In the present study, the short-term reliability of a non-quantitative FFQ (NZAFFQ) was established by comparing two administrations of the FFQ over a two-week period while relative validity was established against a 4DFR.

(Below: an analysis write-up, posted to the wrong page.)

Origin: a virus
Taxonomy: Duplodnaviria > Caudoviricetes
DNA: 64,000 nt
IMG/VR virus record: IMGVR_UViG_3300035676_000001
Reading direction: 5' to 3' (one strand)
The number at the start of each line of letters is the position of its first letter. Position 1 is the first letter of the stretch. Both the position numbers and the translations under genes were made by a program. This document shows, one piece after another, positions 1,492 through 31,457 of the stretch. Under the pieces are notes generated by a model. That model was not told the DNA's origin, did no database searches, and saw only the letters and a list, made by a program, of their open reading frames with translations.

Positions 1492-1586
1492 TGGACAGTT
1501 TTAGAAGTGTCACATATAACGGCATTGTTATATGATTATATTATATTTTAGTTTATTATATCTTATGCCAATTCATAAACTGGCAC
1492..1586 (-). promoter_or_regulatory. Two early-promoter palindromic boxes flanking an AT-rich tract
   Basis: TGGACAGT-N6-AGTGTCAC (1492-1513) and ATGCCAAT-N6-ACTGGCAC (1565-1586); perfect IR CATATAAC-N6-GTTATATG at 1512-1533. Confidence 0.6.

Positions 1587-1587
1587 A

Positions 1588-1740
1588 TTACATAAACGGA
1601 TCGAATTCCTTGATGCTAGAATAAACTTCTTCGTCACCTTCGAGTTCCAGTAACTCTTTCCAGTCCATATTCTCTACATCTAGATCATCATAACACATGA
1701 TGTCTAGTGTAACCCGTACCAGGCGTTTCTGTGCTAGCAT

The results of this study demonstrated that the NZAFFQ yielded good test-retest reliability. The median ICC of 0.69 (range 0.26-0.92) compared favorably to those reported in previous studies in adolescent populations (ICC range 0.01-0.83) [38–40]. The median SCC was 0.71, with all food groups achieving Spearman’s correlations above 0.46. This reliability fell within a range considered good for an FFQ (0.50–0.80) [27, 41] and was similar to the reliability of the CNS02 FFQ, the only previous FFQ designed for New Zealand children . The median test-retest correlation for the CNS02 FFQ for food servings was 0.73, ranging from 0.54 for mixed meat dishes to 0.89 for convenience meals in the 10–14 year age group (n = 42). As indicated by the ICC, we found that foods that were consumed regularly (e.g. milky or chocolate drinks) were recalled with more consistency than foods that were consumed occasionally or variably (e.g. red meat, processed meats and poultry), as observed in previous studies [17, 42, 43]. We acknowledge that the two-week interval between the administration of the NZAFFQs may have led to overestimation of the reliability of this FFQ.